The dark spires of St. Giles stood etched on the gray Edinburgh sky as our mission team walked toward the ornate Cathedral. Already we had been in the United Kingdom for almost two weeks, ministering in England and now Scotland. This was our first “free” day without any services or ministry commitments. Still, my hands were full of tracks as we shouldered our way through the throng of people, most of whom we could not understand because of their heavy brogue.
Tourist shops lined the street selling tartan plaids, bag pipes, picture postcards, and souvenir badges. A couple of the girls from my group stopped to inspect a stand of woollen shawls. My eyes lingered on a woman in her late twenties with two children in tow.
“Excuse me Ma’am,” I said, “could I give you this?” I handed out a track.
The woman took it, looked at the front and handed it back. She shook her head and went away quickly, not saying a word.
The next three people wouldn’t even take the pamphlet, or look at me. They were too busy, rushing to their various locations, too busy to think about their final destination. Their hardened hearts burdened my soul. These people were dying, going to hell, and they refused to take a moment to hear the truth. I began to pray harder as we trudged up the steep grade.
By the time we reached St. Giles Cathedral, my two dozen tracks were almost gone, given to reluctant Scotsmen on the streets. I wondered how many would be read.
“God’s Word will not return void,” our group leader said to me, as if he could read my thoughts.
I smiled at him. “I will try to remember that.”
“It’s not our job to save people; it is our job to proclaim the message to them. Only God can do the saving.” He patted me on the shoulder and turned toward the rest of the group. “Okay, everyone, this is St. Guiles. John Knox, the Scottish clergyman and leader of the reformation, preached in this very building.”
Our group walked up the stone steps and through the large doors. The air was heavy, saturated with thousands of prayers that never made it past the vaulted ceilings. Tears flooded my eyes as I sat down on the back pew. My burden for the people of Scotland grew as I looked around the beautiful church. So much money had spent on the outward adornments, but there was no light for the hearts.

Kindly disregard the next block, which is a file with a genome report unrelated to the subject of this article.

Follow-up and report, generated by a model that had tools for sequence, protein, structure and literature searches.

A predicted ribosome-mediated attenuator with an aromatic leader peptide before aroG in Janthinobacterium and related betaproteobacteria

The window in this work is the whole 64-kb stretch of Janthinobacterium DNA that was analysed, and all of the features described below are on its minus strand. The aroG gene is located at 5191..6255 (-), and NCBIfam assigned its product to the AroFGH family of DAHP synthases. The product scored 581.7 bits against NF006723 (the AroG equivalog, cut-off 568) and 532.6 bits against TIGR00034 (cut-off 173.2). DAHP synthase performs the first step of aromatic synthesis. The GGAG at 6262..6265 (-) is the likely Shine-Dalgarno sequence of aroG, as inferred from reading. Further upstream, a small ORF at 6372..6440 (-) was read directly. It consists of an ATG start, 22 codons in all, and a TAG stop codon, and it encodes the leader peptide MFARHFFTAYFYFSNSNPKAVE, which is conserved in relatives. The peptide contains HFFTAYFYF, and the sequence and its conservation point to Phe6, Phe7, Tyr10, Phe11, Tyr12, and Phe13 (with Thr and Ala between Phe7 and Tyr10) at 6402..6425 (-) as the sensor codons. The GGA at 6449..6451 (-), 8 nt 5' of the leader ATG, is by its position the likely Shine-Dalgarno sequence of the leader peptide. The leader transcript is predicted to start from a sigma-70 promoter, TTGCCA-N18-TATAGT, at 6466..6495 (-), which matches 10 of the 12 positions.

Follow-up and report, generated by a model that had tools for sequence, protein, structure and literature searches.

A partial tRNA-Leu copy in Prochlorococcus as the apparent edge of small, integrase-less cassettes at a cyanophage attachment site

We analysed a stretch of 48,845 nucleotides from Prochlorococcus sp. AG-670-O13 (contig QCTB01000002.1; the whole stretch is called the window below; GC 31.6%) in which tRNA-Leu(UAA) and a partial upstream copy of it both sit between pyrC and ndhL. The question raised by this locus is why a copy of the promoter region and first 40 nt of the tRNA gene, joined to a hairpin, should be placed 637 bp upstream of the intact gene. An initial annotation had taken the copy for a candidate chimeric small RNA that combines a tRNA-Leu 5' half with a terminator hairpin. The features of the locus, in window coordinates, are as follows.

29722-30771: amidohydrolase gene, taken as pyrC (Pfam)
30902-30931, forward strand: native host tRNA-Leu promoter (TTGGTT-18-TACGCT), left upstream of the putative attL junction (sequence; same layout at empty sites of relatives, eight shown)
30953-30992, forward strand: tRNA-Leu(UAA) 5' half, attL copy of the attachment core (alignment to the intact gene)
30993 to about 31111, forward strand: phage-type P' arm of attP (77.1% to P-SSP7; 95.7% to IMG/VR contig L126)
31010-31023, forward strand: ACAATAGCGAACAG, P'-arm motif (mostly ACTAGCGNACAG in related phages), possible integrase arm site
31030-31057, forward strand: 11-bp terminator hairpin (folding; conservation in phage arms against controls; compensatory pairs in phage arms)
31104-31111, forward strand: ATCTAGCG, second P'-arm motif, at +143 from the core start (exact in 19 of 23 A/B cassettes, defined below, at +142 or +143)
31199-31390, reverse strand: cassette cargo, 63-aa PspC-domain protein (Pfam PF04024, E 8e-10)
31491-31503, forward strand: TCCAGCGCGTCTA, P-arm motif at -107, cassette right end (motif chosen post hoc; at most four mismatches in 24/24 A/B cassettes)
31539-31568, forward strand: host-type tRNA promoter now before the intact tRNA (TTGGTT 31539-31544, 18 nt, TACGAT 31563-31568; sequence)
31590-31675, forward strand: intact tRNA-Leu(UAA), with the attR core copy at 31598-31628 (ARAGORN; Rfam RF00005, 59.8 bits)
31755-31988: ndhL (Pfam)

“You have to come see this,” Sarah said, bringing me from my troubled thoughts.
I followed her to a life size statue of John Knox, near the door of the cathedral. His body language spoke so loud that I could almost hear him preaching a sermon in this great building. Things must have been different in Scotland back then.
“Would you like to see where John is buried?”
The group was all enthusiasm as we walked out of the cathedral and around the back to a parking lot.
“This used to be the cathedral’s cemetery,” our leader explained, “but parking space is at a premium. Even holy ground must be given up to make room for more important things.”
He led us across the blacktopped graveyard, to parking spot twenty-three.
“Looks like the sign is gone.” A large square indentation was located just below the yellow painted digits. “When we were here two years ago, there was a nice plaque telling that this was the grave site of John Knox.”
Several of the group got their picture taken next to the missing marker. I hung back, my mind and soul troubled. Our team left the cathedral parking lot with hopes of shopping in the stores at the bottom of the street.
I walked slowly down the hill littered with tracks torn, crumpled and discarded. My mind wandered back to the unmarked grave under spot twenty-three, and I wondered when Scotland would again see revival.
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